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NEWS | Dec. 6, 2021

VNG cyber protection battalion completes TF Echo mission

By Steven Stover | 780th Military Intelligence Brigade

The Virginia National Guard’s Fairfax-based 123rd Cyber Protection Battalion, 91st Cyber Brigade marked the end of their support for Task Force Echo with a transition of authority ceremony Dec. 1, 2021, at Fort George G. Meade, Maryland.
Col. Matthew Lennox, commander of the 780th Military Intelligence Brigade (Cyber), hosted the ceremony marking the completion of the fifth iteration of Task Force Echo and the beginning of the sixth with the transition from the 123rd to the 127th CPB.
TFE V consisted of more than 150 Army National Guard (ARNG) Soldiers, primarily assigned to the 123rd Cyber Protection Battalion (CPB), headquartered in Fairfax, Virginia, and the Soldiers hail from Illinois, Minnesota, Virginia, and Wisconsin.
TFE VI consists of ARNG Soldiers primarily assigned to the 127th CPB, headquartered in Indianapolis, Indiana, and the Soldiers hail from Georgia, Indiana, Louisiana, Mississippi, and Texas.

According to Lt. Col. David Garner, commander of the 123rd CPB and TFE V, “Task Force Echo is an ARNG Task Force mobilized annually to engineer, install, operate, maintain, and defend critical network infrastructure and conduct cyberspace operations in support of U.S. Cyber Command and the Cyber National Mission Force.”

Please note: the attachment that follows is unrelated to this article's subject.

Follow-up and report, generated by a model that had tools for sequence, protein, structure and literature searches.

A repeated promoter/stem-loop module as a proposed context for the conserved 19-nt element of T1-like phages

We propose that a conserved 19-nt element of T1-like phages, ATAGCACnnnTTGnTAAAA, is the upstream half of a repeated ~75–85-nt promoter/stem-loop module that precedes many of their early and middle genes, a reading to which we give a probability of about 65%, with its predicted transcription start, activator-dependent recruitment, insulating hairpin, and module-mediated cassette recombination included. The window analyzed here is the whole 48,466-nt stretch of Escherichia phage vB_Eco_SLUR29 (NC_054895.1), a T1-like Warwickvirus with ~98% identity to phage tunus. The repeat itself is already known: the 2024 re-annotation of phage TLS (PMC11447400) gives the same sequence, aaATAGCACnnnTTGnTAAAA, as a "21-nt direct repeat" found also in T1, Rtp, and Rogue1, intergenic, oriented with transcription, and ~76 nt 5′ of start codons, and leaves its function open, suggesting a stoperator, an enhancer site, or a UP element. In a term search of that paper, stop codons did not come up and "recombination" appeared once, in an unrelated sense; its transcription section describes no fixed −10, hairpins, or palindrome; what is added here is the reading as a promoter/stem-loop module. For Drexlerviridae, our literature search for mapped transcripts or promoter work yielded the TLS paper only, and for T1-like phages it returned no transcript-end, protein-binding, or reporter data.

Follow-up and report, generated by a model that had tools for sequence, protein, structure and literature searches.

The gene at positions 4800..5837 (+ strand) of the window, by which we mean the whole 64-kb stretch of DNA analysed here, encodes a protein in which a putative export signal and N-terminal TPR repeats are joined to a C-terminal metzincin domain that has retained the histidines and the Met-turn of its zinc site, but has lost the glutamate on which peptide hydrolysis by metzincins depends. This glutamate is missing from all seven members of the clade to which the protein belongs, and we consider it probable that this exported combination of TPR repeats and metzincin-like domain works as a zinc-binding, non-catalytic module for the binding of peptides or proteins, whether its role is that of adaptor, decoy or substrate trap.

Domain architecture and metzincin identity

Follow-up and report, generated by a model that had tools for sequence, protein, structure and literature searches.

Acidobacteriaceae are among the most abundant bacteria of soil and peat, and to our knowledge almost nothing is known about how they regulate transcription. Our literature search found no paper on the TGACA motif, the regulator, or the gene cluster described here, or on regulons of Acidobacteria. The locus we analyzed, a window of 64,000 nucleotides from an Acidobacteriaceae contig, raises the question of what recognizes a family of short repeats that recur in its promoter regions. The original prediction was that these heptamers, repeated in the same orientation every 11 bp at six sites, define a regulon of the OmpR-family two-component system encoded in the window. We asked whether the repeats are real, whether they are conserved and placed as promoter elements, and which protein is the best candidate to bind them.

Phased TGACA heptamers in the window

TFE is aligned under and operationally controlled the 780th MI Brigade and is administratively controlled by Army Cyber Command (ARCYBER). The mission is sourced from the 91st Cyber Brigade (Va.) and its five subordinate CPBs. TFE Rotations last for more than a year and each of the more than 60 TFE work roles have a unique training pipeline to prepare them for their mission requirements.

“Task Force Echo relies heavily on the diverse technical backgrounds endemic to the Soldiers of the National Guard,” said Maj. Nicholas Allen, S-3 (Operations), 123rd CPB and TFE V. “They bring extensive experience to the mission that can only be gained by working in defensive cyberspace, network infrastructure, computer programming, and other information technology positions throughout the private sector as well as the completion of the extensive training required to be a cyber warrior.”

“The annual TFE rotation allows for highly technical group of Soldiers to come in with a fresh set of eyes, thus leading to provide new ideas and innovation, and over the years have made continuous improvements to the infrastructure, security, and processes which adds great value to the 780th MI BDE and the JMOC (Joint Mission Operations Center),” added Col. Lennox.

Lt. Col. Garner also mentioned that TFE provides an opportunity for National Guard Soldiers to obtain the education and experience they need to get the Cyber Protection Team(s) to IOC (initial operating capacity) and FOC (fully operational capacity).

“Upon return to home station, the TFE Soldiers will possess an increased skill set and with hands-on experience,” said Lt. Col. Garner. “This provides the National Guard increased capability supporting federal missions and provides Governors and Adjutants General with additional capabilities to support state missions.”

Since August 15, 2017, more than 900 Army National Guard Soldiers have been assigned to the task force, working alongside the 780th to conduct cyberspace operations in support of USCYBERCOM and the CNMF.

The 91st Cyber Brigade is the ARNG’s first and only cyber brigade. Consisting of five battalions, five cybersecurity companies, five cyber warfare companies, and 11 cyber protection teams arrayed across more than 30 states.

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